‘Coverage reigns’: Dr Karen Nelson-Field calls for review of MRC standard

Changes to the Media Rating Council’s viewable advertising impression measurement guidelines could help brand owners, according to a newly released study by academic and researcher Dr Karen Nelson-Field.

Speaking at ReThinkTV’s second forum, Nelson-Field called for a re-establishment of the baseline of video viewability, following new research which found levels of coverage have a significant impact on attention and sales.

She said while changes would “significantly reduce” the amount of ads Facebook and YouTube can commercialise, including coverage as part of the metric was vital and could benefit brand owners.

Currently the MRC viewability standard requires 50% of a video to be visible for at least two continuous seconds to be counted as a chargeable view. It takes into account pixels and length of time an ad appears.

“Coverage really matters a lot to attention and sales,” Nelson-Field said.

“We already know that attention and sales are highly related, so the patterns are quite striking. So we see coverage absolutely without a doubt, multiple sets of data, does impact cut through.”

Nelson-Field’s research suggests coverage accounts for 70% of the variation in sales. However, coverage is not included in the viewability standard.

If coverage is so vital, could the viewability standard be under fostering performance?” she said.

“Given we had the data already, we easily were able to consider the relationship between pixels, time, and sales.

“It’s important to say the standard does work. It’s brought unaccountable industry into some sort of account,” she admitted.

But while it makes the industry accountable, Nelson-Field’s research found pixels and “being seen”, matter more than the time an ad is viewed.

Nelson-Field’s graph shows how greater coverage affects attention and sales

“100% pixels renders two times the impact over 50% regardless of time,” she said.

“As pixels approach the limit of possibility, coverage becomes more vital.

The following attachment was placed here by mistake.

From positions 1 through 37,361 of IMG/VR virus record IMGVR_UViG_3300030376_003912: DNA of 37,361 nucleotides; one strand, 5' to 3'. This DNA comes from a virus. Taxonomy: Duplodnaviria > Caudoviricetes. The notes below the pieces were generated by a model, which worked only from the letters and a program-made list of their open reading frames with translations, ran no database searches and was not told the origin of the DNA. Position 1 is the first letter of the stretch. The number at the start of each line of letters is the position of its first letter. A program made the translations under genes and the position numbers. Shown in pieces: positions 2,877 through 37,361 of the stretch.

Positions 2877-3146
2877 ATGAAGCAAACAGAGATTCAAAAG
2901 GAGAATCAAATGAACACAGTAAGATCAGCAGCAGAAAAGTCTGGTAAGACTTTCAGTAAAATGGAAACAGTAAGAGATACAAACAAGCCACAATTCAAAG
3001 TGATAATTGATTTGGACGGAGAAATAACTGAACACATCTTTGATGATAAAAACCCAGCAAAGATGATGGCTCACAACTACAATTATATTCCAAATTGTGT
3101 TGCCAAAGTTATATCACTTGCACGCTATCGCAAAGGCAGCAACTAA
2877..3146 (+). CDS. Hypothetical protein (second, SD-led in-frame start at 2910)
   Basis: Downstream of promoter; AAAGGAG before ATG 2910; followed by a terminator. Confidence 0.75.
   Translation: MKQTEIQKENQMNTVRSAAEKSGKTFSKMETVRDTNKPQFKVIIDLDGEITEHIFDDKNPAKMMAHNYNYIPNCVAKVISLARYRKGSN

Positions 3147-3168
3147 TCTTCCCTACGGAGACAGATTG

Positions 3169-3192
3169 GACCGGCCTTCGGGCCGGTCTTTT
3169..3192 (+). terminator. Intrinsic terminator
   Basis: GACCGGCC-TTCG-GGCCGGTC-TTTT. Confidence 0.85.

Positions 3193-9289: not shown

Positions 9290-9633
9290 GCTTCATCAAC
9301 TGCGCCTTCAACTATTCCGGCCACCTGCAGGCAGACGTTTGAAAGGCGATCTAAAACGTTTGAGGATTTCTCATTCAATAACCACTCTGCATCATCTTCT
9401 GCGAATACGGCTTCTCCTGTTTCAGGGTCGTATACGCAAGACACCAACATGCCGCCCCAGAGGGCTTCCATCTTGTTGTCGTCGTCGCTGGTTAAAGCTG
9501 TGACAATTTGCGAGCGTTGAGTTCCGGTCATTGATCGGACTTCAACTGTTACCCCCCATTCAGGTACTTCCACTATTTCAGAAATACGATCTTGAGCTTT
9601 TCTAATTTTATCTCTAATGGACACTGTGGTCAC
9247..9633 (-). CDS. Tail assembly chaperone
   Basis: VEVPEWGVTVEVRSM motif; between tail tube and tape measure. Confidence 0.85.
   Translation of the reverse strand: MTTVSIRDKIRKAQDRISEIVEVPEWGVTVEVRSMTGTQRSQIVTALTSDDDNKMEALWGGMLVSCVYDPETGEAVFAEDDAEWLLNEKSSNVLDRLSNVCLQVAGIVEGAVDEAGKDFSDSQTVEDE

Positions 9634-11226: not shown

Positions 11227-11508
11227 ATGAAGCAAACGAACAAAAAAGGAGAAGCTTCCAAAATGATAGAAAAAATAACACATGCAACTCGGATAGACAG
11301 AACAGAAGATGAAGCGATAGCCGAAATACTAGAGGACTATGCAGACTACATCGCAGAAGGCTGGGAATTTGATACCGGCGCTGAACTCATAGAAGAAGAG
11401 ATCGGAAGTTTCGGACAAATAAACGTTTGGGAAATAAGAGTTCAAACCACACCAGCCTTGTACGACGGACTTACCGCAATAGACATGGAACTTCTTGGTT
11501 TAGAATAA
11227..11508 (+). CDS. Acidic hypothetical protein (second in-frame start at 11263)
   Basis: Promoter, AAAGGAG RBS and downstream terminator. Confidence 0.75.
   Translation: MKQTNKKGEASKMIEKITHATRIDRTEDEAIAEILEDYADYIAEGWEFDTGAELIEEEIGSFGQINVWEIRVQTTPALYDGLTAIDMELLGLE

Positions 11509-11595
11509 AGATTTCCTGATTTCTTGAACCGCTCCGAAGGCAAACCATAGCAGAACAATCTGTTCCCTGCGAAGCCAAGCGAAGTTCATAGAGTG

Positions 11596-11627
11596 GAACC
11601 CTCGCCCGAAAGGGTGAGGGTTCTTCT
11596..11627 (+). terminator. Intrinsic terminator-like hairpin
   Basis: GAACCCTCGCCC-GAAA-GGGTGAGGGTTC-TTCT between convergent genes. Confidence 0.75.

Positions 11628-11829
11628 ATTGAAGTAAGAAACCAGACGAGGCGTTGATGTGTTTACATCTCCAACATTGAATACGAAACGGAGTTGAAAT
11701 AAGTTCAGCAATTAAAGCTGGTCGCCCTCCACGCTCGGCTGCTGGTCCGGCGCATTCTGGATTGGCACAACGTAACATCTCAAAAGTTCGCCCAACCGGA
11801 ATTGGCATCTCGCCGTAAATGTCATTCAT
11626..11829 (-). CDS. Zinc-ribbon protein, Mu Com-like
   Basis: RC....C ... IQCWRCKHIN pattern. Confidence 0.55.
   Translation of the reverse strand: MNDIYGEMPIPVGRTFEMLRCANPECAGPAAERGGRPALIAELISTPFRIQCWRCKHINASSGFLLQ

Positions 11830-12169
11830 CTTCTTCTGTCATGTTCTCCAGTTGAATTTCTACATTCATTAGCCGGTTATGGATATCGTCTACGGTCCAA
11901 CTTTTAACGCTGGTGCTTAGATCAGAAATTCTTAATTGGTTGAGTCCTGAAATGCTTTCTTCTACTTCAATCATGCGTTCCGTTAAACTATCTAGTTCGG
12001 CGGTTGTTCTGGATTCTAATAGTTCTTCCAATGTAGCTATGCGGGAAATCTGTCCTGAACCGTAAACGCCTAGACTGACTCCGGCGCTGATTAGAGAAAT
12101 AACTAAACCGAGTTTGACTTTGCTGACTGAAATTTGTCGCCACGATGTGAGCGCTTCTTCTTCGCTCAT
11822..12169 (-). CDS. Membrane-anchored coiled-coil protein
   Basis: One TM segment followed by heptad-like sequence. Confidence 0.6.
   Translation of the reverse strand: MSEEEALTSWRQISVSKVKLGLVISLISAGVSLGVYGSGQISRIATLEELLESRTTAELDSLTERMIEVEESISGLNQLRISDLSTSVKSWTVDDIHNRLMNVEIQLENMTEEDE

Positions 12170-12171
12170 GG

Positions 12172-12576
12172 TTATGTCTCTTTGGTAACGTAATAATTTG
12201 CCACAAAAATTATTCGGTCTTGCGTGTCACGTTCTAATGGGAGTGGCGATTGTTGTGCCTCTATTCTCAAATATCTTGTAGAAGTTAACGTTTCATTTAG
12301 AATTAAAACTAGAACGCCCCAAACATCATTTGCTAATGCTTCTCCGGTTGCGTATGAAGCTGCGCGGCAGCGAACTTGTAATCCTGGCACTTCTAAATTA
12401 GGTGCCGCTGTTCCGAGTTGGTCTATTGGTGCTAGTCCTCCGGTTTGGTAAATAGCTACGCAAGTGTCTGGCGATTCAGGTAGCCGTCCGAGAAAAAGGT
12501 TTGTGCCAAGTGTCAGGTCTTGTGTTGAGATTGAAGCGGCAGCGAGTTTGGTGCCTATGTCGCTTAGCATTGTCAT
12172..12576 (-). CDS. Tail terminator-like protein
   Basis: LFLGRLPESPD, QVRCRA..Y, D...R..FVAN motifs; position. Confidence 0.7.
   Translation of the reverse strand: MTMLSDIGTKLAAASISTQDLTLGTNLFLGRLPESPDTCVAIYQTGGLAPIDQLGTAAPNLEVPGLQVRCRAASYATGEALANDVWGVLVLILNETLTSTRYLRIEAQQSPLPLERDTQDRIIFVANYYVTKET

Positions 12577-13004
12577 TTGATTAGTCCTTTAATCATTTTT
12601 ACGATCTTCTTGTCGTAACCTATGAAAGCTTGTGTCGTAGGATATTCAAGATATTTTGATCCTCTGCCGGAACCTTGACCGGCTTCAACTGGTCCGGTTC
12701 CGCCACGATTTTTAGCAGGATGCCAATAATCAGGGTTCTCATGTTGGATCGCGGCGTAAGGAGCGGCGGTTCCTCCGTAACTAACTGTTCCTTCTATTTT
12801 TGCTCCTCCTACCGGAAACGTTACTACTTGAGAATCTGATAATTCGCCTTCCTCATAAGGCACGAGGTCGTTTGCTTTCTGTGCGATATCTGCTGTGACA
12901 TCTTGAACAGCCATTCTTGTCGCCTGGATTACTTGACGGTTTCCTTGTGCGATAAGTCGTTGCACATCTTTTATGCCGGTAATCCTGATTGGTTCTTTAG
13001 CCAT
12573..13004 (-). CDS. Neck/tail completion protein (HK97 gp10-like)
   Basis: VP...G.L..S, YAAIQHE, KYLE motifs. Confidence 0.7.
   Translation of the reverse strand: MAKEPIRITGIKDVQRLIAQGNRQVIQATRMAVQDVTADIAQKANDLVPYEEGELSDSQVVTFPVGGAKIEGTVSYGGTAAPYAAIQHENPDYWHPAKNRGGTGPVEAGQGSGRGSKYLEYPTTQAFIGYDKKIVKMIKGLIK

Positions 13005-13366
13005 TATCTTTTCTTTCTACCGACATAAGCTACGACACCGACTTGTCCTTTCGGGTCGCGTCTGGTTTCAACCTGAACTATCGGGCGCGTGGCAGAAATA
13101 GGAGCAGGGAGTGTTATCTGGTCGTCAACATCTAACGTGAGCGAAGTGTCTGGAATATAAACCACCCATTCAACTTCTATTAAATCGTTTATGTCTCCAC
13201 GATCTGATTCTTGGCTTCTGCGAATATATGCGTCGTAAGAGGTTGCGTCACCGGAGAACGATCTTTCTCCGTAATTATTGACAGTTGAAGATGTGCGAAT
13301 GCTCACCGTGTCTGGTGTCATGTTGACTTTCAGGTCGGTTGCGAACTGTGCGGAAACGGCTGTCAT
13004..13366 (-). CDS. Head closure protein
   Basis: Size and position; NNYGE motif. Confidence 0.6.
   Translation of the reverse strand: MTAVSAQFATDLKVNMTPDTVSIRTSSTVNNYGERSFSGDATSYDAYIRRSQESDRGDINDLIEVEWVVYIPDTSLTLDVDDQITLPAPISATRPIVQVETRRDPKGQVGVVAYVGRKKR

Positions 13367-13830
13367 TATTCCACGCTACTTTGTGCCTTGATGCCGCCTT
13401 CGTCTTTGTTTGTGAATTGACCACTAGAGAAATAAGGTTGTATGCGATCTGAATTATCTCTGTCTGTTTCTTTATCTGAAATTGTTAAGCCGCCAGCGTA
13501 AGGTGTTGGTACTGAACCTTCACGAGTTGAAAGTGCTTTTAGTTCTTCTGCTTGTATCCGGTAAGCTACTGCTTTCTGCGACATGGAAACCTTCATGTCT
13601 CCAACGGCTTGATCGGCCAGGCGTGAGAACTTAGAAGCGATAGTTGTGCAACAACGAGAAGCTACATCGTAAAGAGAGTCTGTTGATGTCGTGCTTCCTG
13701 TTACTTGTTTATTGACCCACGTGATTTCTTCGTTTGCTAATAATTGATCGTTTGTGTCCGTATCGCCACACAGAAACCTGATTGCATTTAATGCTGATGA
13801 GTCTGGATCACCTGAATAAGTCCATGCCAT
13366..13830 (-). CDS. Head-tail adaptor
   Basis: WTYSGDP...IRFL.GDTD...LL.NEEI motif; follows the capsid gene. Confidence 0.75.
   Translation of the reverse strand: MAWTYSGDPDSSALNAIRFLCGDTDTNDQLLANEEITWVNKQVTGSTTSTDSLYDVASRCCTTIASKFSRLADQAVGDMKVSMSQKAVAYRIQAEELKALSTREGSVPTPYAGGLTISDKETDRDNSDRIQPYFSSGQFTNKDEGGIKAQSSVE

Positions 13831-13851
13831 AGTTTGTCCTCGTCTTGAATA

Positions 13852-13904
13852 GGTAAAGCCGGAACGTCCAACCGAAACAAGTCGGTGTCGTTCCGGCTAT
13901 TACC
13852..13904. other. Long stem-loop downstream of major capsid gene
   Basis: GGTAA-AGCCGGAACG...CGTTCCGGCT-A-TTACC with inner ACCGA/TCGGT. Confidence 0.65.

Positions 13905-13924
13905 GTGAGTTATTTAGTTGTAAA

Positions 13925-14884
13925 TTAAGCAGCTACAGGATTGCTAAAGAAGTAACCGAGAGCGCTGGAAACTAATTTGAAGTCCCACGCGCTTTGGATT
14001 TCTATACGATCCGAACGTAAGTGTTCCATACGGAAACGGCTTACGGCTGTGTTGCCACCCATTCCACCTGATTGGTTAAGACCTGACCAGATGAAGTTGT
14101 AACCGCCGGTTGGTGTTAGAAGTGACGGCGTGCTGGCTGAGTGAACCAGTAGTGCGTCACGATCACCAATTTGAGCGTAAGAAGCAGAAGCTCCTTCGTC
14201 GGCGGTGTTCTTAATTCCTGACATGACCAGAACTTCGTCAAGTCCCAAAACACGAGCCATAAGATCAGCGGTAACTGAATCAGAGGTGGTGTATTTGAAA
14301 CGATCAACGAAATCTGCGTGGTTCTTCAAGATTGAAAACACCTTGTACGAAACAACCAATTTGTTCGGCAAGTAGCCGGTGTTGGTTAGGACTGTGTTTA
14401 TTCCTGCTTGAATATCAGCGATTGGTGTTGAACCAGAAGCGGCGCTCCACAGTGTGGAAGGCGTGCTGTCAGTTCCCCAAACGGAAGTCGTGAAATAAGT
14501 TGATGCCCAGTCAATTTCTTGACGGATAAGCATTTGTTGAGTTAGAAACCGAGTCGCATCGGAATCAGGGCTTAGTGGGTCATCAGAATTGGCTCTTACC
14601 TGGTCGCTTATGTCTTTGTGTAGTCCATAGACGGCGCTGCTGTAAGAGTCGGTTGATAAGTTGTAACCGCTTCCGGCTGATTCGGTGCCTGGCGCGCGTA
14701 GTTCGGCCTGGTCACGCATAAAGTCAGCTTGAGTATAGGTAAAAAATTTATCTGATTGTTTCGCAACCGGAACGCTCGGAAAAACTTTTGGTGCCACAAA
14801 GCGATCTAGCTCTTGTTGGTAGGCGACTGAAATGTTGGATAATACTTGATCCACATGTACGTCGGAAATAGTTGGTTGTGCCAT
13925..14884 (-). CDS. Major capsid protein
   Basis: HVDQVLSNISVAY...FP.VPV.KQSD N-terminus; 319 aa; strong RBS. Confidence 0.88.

“100% pixels playing on a full screen has a much greater impact than 100% pixels on a smaller proportion of the screen.”

Nelson-Field later pointed out the MRC would get “crashed” from both sides should the MRC standard increase or decrease.

“There’s a call from brand owners to be pushing the standard up. But there’s equally from media owners to push the standard down. And the reason why is their ability to commercialise,” she said.

She noted 56% of Facebook ads hit the current standard, and around 78% of ads hit the mark on YouTube.

While Nelson-Field said the “sweet-spot”was up to companies to decide, she suggested advancing the criteria to acknowledge the interests of brand owners was important.

ThinkTV CEO, Kim Portrate, later welcomed the call to review the standard.

“The science is in: there is value in the impressions which meet the current minimum standard but this study demonstrates there is room to improve the impact and effectiveness of video advertising,” Portrate said.

“It’s also an opportunity to reconsider how we choose video advertising platforms and what kind of return they deliver on the metrics that matter most – attention and sales impact– because these are the two that drive growth.

“ThinkTV is working through these findings with our shareholders to ensure we are providing robust and relevant metrics for TV – broadcast, IP delivered and catch up – in all its forms, across all devices – to ensure you are getting the best out of today’s TV experience.

“Because, in the end, it is what advertisers deserve when they invest with us.”


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